In this light, the last few days of the Russian advance were a sort of execution of the weaker, more treacherous elements of German society. By that point, this might not be merely acceptable, but desirable. Otherwise put, Hitler himself dreamed and wished for his people that what they had failed to become—an army of suicidal faithful—would one day come to be. He explained in his Political Testament:
May it become, at some future time, part of the code of honor of the German officer, as it is already in our Navy, that the surrender of a district or of a town is impossible, and that the leaders here above all must march ahead as shining examples, faithfully fulfilling their duty unto death.
Duty, being the operative word. There were two oaths for the military and the civil service of which the former read: “I swear by God this sacred oath that to the Leader of the German empire and people, Adolf Hitler, supreme commander of the armed forces, I shall render unconditional obedience and that as a brave soldier I shall at all times be prepared to give my life for this oath.”.
Therefore, it is not conjecture, but a blatant reality that for Hitler duty and death were the same thing by this stage of the war, which applied for all men between the ages of 16 and 60 (Volksturm). In this final act, not even the Tristan chord might confer some magical turn of events. The role of music was plainly that of a muffled, funeral drum that led to the guillotine.
Its affektenlehre function was to provoke emotions of solemnity, dignity, pride. To muffle the content, and keep appearances and theatrics to the end. Music, with the particular semantic weight it carried especially after Berlioz, Liszt and Wagner, was not only a propaganda tool, but a psychological barometer for the German people. In this case it coerced them into the subdued mood of a ‘Morituri Te Salutant’ mantra.
To conclude, this triptych section has been a spasmodic attempt to describe an incredible, otherworldly achievement of a group of people who defiled themselves by considering everything else around them defiled. The language has been crude and non-academic, the utterances absolute and the trains of thought regularly derailed. Then again, so was the subject matter in its historical time, so a Germanic sense of cohesion has been observed, in a loose sense.
It seems the greatest irony of all the nonsense of the third Reich—and more particularly of the way it ended—is that even though it was firmly rooted in a new culture of hatred, intolerance, brutality and senseless aggression, still it was preceded by one of the most enlightened periods of culture and music making in the history of Western Civilization. Wagner wrote about Gods falling, taking with them the world. What motivated him is unknown, even though his musical talents were not equalled by an expressed solidarity for his fellow human beings; indeed, far from it.
Beethoven, on the other hand, wrote about the brotherhood of mankind, not its demise. In the last vocal line of his Ninth Symphony he chooses the word Götterfunken(14), i.e. the spark of the Gods:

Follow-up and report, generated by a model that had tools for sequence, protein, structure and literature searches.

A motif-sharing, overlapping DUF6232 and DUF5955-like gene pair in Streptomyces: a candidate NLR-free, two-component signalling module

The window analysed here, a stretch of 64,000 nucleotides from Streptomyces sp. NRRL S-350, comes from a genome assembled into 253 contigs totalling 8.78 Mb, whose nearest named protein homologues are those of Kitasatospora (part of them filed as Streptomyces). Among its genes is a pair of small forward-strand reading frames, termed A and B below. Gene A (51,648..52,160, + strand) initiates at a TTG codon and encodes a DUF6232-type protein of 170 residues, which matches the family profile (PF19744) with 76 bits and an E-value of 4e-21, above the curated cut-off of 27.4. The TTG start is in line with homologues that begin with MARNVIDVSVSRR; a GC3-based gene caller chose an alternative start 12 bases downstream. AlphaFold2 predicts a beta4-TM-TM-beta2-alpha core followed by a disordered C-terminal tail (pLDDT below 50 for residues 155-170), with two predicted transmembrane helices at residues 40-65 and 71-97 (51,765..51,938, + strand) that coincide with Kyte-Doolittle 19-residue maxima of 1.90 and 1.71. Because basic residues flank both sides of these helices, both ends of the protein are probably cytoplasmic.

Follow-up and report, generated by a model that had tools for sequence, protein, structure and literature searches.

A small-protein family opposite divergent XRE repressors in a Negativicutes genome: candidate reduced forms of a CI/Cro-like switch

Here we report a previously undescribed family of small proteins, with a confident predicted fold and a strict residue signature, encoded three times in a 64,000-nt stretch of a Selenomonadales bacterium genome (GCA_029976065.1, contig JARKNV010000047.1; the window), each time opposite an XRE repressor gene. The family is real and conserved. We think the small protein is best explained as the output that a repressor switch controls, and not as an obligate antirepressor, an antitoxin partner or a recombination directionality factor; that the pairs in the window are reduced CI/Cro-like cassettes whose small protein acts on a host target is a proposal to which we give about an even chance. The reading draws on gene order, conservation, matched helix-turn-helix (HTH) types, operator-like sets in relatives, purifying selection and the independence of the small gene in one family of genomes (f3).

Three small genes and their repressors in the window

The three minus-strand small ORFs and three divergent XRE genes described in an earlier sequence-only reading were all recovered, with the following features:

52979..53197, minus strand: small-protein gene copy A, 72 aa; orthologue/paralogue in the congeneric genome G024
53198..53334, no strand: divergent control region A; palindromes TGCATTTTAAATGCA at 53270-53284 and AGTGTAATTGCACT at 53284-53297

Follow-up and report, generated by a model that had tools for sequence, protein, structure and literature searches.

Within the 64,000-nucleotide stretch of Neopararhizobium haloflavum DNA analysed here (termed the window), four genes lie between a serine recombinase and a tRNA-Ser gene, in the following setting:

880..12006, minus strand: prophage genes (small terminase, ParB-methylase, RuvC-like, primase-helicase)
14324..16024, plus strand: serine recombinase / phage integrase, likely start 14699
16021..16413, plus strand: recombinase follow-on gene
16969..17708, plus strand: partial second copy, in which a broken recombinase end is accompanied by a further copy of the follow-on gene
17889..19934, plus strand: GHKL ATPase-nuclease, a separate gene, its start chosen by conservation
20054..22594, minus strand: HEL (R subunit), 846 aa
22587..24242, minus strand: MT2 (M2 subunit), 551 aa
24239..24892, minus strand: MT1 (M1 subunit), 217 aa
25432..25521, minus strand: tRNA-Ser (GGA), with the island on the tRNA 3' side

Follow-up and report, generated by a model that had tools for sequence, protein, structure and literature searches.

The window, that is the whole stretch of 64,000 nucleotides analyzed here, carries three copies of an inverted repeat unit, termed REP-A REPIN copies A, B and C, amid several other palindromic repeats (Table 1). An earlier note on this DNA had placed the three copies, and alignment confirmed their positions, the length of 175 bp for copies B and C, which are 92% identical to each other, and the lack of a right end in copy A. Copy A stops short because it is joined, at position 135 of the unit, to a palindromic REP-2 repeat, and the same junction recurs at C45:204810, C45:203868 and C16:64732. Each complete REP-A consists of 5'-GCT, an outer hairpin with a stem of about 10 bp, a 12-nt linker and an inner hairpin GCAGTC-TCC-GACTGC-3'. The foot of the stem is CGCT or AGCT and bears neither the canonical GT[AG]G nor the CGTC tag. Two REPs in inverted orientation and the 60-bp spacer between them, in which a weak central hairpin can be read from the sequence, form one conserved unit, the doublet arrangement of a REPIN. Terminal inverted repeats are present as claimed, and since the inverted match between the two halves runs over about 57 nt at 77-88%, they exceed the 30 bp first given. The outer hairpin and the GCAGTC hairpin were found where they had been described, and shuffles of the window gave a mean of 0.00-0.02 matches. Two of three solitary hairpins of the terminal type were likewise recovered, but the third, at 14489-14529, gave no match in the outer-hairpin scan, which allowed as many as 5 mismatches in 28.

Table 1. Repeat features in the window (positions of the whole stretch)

Be embraced, you millions!
This kiss for the whole world!
Brothers, beyond the star-canopy
Must a loving Father dwell.
Be embraced, this kiss for the whole world!
Joy, beautiful spark of the gods,
Daughter of Elysium,
Joy, beautiful spark of the gods!
This will always be the finest response to the Fall of the Gods, or to our appetite for war and self-violation. The following words are attributed to Adolf Hitler: “…one can serve God only in the garb of the hero”.(15) In doing so he was best describing his victims. For every Nazi officer who committed suicide at the end of the Second World War, a great number of prisoners, Jewish and others, who were brought within an inch of their lives, survived in hope of liberation.
They were the true Heroes of their time.
Beevor, A. Berlin, the Downfall-1945. Viking Press, Penguin Books, 2002.
Bessel, R. Nazism and War. The Modern Library, 2004.
Fest, J. C. Hitler. Vintage Books, 1975.
Geyer, M. ‘There is a Land where everything is pure: its name is Land of Death’: Some observations on Catastrophic Nationalism’ in Sacrifice and National Belonging in Twentieth Century Germany. Texas A&M University Press, 2002.
Levi, E. Music in the Third Reich. St. Martin’s Press, 1996.
Read, A. & Fisher, D. The Fall of Berlin. Da Capo Press, 1995.
Speer, A. Inside the Third Reich – Memoirs. Simon & Schuster, 1997.
Whiting, Ch. The Home Front: Germany. World War II series, vol. 32. Time-life Books, 1982.
(2) Erik Levi’s Music in the Third Reich (St. Martin’s Press, 1996) being, perhaps, the best known.
(3)The dates and programme information are based on “Einhundert Jahre Berliner Philharmonisches Orchester, v.3” by P. Muck. (1982). Peter Much was a viola player and member of the orchestra and wrote its first history. Helge Grünewald and Ewa Boron edited the updated publication which is to be published for the Foundation Berliner Philarmoniker. Their archive was kindly offered for the research of this article by Franziska Gulde-Druet.
(4) Geyer (129)
(5) see “Das Judenthum in der Musik“, in Sämtliche Schriften und Dichtungen, vol. V, pp.66-85 (1850)
(6) 14th and 16th of April at the Beethoven Saal, under the baton of Robert Heger.
(7) Hitler’s secretary who has given numerous interviews and a full account of the events taking place in the bunker during the last few days of Hitler’s life.
(8) ‘Degenerate music’, a term that referred to modernist and certain types of popular music.
(9) Speer, 128-135
(10) Or vice versa!
(11) see Kubizek, A. Young Hitler, the Story of Our Friendship (1954)
(12) These belong – respectively – to the popular music groups/artists Bon Jovi, Billy Joel, Metallica. There are dozens if not hundreds more that are very similar.
(13) Whiting, 184-5
(14) The original text is by the poet Friedrich Schiller (1759-1805), but the choice of usingGötterfunken as the final word is by Beethoven.
(15) Fest, 499